Egg Prices, Corn Prices and the Value of My Wife’s Time

What does it cost to produce a dozen eggs?  This is important since we’re staring down the barrel of a regional total crop failure.  Corn prices are rising and my dad’s tenant indicates that only about 1/3 of the stalks have ears and those ears aren’t filling out.  There’s hardly a bean in the soybean fields around me.  If this is true on a wider scale, we could be in some trouble.  How much will this affect the price of the eggs we produce?  Let’s break it down a little bit.

Averaged out, I get around 60 dozen eggs each month.  Each dozen needs its own, new egg carton (Illinois law).  When I ordered cartons in Feb. they were $0.32, now those same cartons cost me $0.56 each.  They have another paper carton that’s $0.36.  I don’t like it as much but two dimes saved is two dimes earned.  Eggs will taste just as good and the cartons are just as recyclable.

My flock of 40 birds eat 200 pounds of feed each month.  If corn costs $6.50 (what I paid last year for my dwindling supply of corn), it costs me $12.89 for the ingredients to grind my own bag of feed.  That doesn’t count the equipment cost or time involved in grinding that feed.  If corn stays at $8.00, each bag will cost $13.57 before grinding.

What other costs are involved?  Each morning we have to fill the drinkers and feeders and move the houses.  Each evening we have to gather the eggs.  Every other day we clean, sort, weigh, candle and pack the eggs.  Every few days we build fence.  What is that time worth?

It takes 5 months to go from chick to egg and those first eggs each pullet lays are quite small…too small to sell.  So, even though they start laying at 5 months, they are 6 months old before I can begin selling their eggs.  That’s 6 months of feed, water and care that I have to pay for with eggs over the next 18-20 months of productive hen life.

I have to pay for their housing.  I have to pay for the fencing that surrounds them ($0.04 per length per day).  I will lose some birds to predation and weather.  How much do I pay myself for sitting in a field all night holding a gun when predators get a taste for chicken?

I have to fill out the paperwork for our egg license and meet with our inspector annually.  He checks our fridge temperature, validates our scale and egg quality then hands us some promotional items.  At least he comes to our house so we don’t have to make a trip to some testing facility in Timbuktu but it still takes time.  We have to get a license from the king to sell our own eggs.  That license costs $15 each year plus we pay an inspection fee of $0.11 per 30 dozen eggs…to pay for our inspector to drive here once each year and say, “Hi”.  That takes away from our profit also.  One day, if we work hard enough, we can pay income tax too.  Oh, to dream!

So what do I charge?  It would appear that I could make a little (only a little) money selling eggs but the income is limited by the number of hours in a day.  I have to handle every egg.  The costs above indicate I am paying $1.28 just for feed and egg cartons plus a few more cents for inspection and licensing (you know, because consumers can’t judge for themseves if cartons are clean or if eggs are any good).  The fencing and housing are spread over 10 years and the chick and brooder time are spread over 2 years then we harvest and sell the bird as a stewing hen.  We charge $3.50 for our eggs and get an average of 60 dozen each month.  That means we make something like $3 each day from eggs before accounting for our time.  Either we need to increase our egg production, raise our prices or close up shop.  Salatin says he makes $12 over the life of the hen.  I think he’s right.  It’s a lousy primary enterprise but they do sanitize the pasture and keep the family entertained.  At $8 corn I’m under some pressure to lower my entertainment cost or find feed alternatives but the real pressure comes from labor costs.  It takes a lot of time to feed and water the animals then gather, sort and peddle the eggs.  Compared to our labor costs, the price of corn is insignificant.  My prices have to go up, not because the price of corn went up, but because I’m learning about business the hard way.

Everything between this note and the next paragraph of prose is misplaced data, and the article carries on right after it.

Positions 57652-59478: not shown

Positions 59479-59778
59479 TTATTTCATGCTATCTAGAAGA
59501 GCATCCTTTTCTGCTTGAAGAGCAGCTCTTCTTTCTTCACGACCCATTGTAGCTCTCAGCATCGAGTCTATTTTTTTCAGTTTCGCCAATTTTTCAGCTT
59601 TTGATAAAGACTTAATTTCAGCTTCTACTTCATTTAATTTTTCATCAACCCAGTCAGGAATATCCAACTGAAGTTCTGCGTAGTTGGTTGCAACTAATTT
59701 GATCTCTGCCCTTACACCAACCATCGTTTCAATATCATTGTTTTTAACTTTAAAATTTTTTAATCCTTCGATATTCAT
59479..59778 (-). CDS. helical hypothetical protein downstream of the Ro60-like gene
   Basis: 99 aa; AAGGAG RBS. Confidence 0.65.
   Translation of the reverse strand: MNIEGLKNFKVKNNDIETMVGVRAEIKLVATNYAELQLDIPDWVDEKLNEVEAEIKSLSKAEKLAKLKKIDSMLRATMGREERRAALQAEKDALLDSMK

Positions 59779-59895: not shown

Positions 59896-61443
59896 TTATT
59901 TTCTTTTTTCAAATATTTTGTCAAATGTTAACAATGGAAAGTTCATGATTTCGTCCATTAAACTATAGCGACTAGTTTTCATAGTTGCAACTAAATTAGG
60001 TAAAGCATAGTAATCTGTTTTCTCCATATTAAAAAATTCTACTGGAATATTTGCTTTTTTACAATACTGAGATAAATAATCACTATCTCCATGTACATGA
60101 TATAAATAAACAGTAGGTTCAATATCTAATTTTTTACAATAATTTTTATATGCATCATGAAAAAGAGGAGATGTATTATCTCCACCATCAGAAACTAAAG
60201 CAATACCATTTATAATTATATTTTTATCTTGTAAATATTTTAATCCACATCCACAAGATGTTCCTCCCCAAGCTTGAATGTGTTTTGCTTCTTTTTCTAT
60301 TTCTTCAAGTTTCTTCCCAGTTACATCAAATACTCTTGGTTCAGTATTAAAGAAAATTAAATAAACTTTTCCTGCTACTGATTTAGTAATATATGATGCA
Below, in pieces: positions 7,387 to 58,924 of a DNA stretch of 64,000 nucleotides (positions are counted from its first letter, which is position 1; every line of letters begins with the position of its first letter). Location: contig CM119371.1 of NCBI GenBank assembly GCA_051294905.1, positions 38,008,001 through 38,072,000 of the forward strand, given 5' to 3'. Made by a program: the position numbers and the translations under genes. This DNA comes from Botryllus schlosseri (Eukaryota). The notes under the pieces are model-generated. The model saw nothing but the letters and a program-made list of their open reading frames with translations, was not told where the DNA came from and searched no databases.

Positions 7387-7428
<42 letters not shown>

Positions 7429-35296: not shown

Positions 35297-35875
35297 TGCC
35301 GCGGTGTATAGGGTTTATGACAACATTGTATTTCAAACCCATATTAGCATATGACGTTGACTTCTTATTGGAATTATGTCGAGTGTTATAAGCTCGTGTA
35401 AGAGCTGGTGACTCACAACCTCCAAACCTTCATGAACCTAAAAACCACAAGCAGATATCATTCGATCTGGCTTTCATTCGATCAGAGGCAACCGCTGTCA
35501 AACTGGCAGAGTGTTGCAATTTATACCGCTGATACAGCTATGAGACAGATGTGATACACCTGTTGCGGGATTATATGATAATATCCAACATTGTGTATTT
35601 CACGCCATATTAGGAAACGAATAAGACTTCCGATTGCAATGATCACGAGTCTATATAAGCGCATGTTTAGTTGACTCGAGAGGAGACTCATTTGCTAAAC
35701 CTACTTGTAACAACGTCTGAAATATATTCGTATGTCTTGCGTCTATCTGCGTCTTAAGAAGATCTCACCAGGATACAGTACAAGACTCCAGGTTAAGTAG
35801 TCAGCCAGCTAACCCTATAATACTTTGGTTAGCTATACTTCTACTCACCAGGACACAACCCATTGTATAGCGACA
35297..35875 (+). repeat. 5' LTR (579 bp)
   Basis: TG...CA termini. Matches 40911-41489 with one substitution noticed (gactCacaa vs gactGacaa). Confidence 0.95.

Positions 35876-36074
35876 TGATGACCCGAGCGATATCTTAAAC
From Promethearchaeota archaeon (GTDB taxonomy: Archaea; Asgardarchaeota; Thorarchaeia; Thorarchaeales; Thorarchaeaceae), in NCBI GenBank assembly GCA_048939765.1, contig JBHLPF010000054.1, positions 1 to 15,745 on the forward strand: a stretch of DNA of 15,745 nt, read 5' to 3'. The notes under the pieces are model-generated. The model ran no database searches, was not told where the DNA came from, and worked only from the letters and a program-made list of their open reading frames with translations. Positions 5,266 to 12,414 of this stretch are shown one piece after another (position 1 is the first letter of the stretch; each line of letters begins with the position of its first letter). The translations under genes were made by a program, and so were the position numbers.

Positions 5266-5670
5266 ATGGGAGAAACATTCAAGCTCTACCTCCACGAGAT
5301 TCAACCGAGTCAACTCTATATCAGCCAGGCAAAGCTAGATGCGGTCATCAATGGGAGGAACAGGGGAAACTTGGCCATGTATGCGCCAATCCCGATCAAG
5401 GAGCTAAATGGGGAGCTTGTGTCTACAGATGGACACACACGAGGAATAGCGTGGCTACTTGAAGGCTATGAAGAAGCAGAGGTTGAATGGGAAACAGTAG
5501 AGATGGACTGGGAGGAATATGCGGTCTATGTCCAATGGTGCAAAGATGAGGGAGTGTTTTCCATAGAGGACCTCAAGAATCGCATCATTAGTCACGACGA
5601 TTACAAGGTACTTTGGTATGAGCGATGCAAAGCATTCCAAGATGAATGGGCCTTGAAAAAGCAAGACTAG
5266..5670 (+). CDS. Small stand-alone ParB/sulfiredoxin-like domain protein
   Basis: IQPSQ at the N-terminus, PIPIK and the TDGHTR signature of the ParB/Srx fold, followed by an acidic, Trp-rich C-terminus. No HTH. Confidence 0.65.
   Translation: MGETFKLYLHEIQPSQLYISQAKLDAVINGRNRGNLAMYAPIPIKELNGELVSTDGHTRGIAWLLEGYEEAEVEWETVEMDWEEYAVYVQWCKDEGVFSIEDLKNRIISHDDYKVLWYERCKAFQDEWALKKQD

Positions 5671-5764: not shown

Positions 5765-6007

That’s not to say food costs won’t rise because of the bad crop.  They will.  60% of the corn produced in this country is fed to animals.  It’s in most dog and cat foods…not just what we feed pigs, chicken and (unfortunately) beef.  Corn is in everything…including your gas tank.  Soybeans are in everything too.  Producers are going to have to determine the marginal utility of each compared to substitutions.  I may feed potatoes and milk to pigs…if I continue to raise pigs.  But, as a consumer, you need to consider marginal utility as well.  Just because corn products cost more doesn’t mean you have to buy them.  What substitutions can you bring into your kitchen?  I’m afraid there is little substitution for a good egg.  I’ll do my best to make appropriate substitutions on my side as well as streamline my labor to encourage you to continue to buy my eggs.  I believe you will continue to find my products to be a good value even in the face of rising prices.

—UPDATE—

Dad pointed out a couple of things not factored into my equations above.  75 layers generate 15-21 pounds of manure each day or a maximum of 115 pounds of nitrogen, 65 pounds of phosphorus and 42 pounds of potassium per acre, not to mention the trace minerals I put in their feed ration.  That has value.  They also eat bugs.  That has value.  I don’t mean to say my chickens are a drain on our budget, I’m saying, in terms of farm cash flow, economies of scale work against me trying to generate income from a small flock.